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A topos topos

A quantum operation/quantum channel chan: * *chan \,\colon\, \mathscr{H} \otimes \mathscr{H}^\ast \to \mathscr{H} \otimes \mathscr{H}^\ast is called a noisy operation [Horodecki, Horodecki & Oppenheim 2003] or a unistochastic channel [Życzkowski & Bengtsson 2004] if it has an environmental representationhannel#QuantumChannelsAndDecoherence) where the environment/bath system \mathscr{B} is in its maximally mixed state:

chan(ρ)=1dim()tr (U(ρid )U ). chan(\rho) \;\;=\;\; \frac{1}{dim(\mathscr{B})} \mathrm{tr}^{\mathscr{B}} \Big( U \big( \rho \otimes id_{\mathscr{B}} \big) U^\dagger \Big) \,.


The theorem (herechannel#QuantumChannelsAsPartialTracesOfUnitariesOnTensors)) that every endo-quantum channel has an environmental representation is often advertized with the addendum that “… and such the environment may be chose to be in a pure state”, but in fact this is assumption is what the existing proofs rely on. For environments in non-pure states it is not clear that they can environmentally represent all quantum channels, and for noisy/unistochastic channels it is not to be expected that they exhaust all quantum channels.

But Müller-Hermes & Perry 2019 show that all unital quantum channels on qbits can be realized as noisy/unistochastic channels (with a bath of size at least 4).


Precursor discussion of the concept is due to:

The terminology “unistochastic channels” was introduced in:

Proof that all unital quantum channels on qubits are unistochastic (noisy operations) for a bath of size at least 4:

In one direction, assume that

chan: * * chan \,\colon\, \mathscr{H} \otimes \mathscr{H}^\ast \longrightarrow \mathscr{H} \otimes \mathscr{H}^\ast

is a completely positive map. Then by operator-sum decomposition there exists a set (finite, under our assumptions) inhabited by at least one element

s ini:S, s_{ini} \,\colon\, S \,,

and an SS-indexed set of linear operators

s:SE s:,withsE s E s=Id, s \,\colon\, S \;\;\; \vdash \;\;\; E_s \;\colon\; \mathscr{H} \longrightarrow \mathscr{H} \,,\;\;\;\; \text{with} \;\;\;\; \underset{s}{\sum} E_s^\dagger \cdot E_s \,=\, Id \mathrlap{\,,}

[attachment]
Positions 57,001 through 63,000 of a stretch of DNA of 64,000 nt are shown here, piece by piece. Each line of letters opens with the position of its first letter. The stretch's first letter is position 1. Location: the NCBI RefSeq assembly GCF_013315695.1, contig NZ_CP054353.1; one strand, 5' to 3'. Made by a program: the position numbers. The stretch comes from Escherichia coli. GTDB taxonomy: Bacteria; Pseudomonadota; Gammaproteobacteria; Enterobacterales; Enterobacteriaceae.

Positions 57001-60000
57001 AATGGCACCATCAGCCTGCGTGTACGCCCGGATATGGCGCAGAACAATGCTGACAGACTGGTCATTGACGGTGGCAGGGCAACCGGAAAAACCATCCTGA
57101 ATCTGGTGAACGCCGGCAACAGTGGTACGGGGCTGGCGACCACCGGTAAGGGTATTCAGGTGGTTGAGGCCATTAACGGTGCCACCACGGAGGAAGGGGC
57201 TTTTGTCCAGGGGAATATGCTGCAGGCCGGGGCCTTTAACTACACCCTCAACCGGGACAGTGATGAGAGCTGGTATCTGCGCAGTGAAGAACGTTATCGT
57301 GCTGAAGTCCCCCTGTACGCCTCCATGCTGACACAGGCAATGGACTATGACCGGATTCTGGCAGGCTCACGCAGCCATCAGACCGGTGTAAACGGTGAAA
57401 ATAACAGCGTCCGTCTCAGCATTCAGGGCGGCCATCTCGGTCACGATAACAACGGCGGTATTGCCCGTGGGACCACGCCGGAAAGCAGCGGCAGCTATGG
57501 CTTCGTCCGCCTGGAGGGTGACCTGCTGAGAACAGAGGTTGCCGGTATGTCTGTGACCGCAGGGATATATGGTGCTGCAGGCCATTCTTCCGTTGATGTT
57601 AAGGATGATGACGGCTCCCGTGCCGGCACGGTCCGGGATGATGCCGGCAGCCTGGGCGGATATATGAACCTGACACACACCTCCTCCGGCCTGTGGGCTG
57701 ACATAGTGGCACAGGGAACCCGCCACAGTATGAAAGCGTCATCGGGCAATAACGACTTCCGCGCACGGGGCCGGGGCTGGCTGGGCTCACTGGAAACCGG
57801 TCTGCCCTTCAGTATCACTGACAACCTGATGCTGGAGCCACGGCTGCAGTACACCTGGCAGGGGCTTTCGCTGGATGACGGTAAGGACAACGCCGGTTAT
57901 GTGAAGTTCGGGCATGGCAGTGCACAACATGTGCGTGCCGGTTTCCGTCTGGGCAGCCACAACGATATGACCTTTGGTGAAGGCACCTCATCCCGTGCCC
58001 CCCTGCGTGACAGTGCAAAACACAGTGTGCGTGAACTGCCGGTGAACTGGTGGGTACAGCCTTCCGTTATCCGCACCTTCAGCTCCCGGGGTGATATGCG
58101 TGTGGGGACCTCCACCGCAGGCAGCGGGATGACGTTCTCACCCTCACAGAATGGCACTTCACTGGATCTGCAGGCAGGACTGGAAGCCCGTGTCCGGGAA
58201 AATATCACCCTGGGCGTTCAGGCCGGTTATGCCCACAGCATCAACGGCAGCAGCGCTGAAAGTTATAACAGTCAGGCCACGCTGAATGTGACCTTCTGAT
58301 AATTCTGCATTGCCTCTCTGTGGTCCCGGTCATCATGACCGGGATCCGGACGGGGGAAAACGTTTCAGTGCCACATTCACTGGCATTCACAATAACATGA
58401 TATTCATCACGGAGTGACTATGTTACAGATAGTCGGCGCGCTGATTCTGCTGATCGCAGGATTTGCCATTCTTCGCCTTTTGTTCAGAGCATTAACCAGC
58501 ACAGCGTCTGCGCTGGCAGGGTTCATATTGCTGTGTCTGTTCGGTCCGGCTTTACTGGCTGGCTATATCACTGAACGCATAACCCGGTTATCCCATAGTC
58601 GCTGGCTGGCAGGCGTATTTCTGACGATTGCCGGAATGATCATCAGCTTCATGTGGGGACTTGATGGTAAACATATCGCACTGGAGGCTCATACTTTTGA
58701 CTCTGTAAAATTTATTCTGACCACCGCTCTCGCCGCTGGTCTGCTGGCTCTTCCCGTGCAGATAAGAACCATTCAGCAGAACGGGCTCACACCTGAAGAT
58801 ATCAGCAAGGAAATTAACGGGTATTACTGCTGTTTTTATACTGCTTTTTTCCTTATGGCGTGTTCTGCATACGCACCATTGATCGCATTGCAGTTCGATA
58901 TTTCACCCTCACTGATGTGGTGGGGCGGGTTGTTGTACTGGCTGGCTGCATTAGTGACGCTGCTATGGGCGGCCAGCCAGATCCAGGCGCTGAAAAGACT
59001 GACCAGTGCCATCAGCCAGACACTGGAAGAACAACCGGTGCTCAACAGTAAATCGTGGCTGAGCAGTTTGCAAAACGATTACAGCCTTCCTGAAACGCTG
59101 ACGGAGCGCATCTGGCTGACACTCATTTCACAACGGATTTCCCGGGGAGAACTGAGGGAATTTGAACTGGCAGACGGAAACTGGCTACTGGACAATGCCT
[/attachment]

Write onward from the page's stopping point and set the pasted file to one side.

such that

chan(ρ)=sE sρE s . chan(\rho) \;=\; \underset{s}{\sum} \, E_s \cdot \rho \cdot E_s^\dagger \,.

Now take

S \mathscr{B} \,\equiv\, \underset{S}{\oplus} \mathbb{C}

with its canonical Hermitian inner product-structure with orthonormal linear basis (|s) s:S\big(\left\vert s \right\rangle\big)_{s \colon S} and consider the linear map

V: |ψ sE s|ψ|s. \array{ \mathllap{ V \;\colon\;\; } \mathscr{H} &\longrightarrow& \mathscr{H} \otimes \mathscr{B} \\ \left\vert \psi \right\rangle &\mapsto& \underset{s}{\sum} \, E_s \left\vert \psi \right\rangle \otimes \left\vert s \right\rangle \mathrlap{\,.} }

Observe that this is a linear isometry

ψ|V V|ψ =s,sψ|E s E s|ψs|sδ s s =ψ|sE s E sId|ψ =ψ|ψ. \begin{array}{ll} \left\langle \psi \right\vert V^\dagger V \left\vert \psi \right\rangle \\ \;=\; \underset{s,s'}{\sum} \left\langle \psi \right\vert E_{s'}^\dagger E_s \left\vert \psi \right\rangle \underset{ \delta_s^{s'} }{ \underbrace{ \left\langle s' \vert s \right\rangle } } \\ \;=\; \left\langle \psi \right\vert \underset{ Id }{ \underbrace{ \underset{s}{\sum} E_{s}^\dagger E_s } } \left\vert \psi \right\rangle \\ \;=\; \left\langle \psi \vert \psi \right\rangle \mathrlap{\,.} \end{array}

This implies that VV is injective so that we have a direct sum-decomposition of its codomain into its image and its cokernel orthogonal complement, which is unitarily isomorphic to dim()1dim(\mathscr{B})-1 summands of \mathscr{H} that we may identify as follows:

V()((|s 0)). \mathscr{H} \otimes \mathscr{B} \;\simeq\; V\big( \mathscr{H} \big) \oplus \Big( \mathscr{H} \otimes \big( \mathscr{B} \ominus \mathbb{C}\left\vert s_0 \right\rangle \big) \Big) \,.

In total this yields a unitary operator

U:((|s ini))V()((|s ini)) U \;\colon\; \mathscr{H} \otimes \mathscr{B} \,\simeq\, \mathscr{H} \oplus \Big( \mathscr{H} \otimes \big( \mathscr{B} \ominus \mathbb{C}\left\vert s_{ini} \right\rangle \big) \Big) \underoverset{}{}{\longrightarrow} V\big( \mathscr{H} \big) \oplus \Big( \mathscr{H} \otimes \big( \mathscr{B} \ominus \mathbb{C}\left\vert s_{ini} \right\rangle \big) \Big) \;\simeq\; \mathscr{H} \otimes \mathscr{B}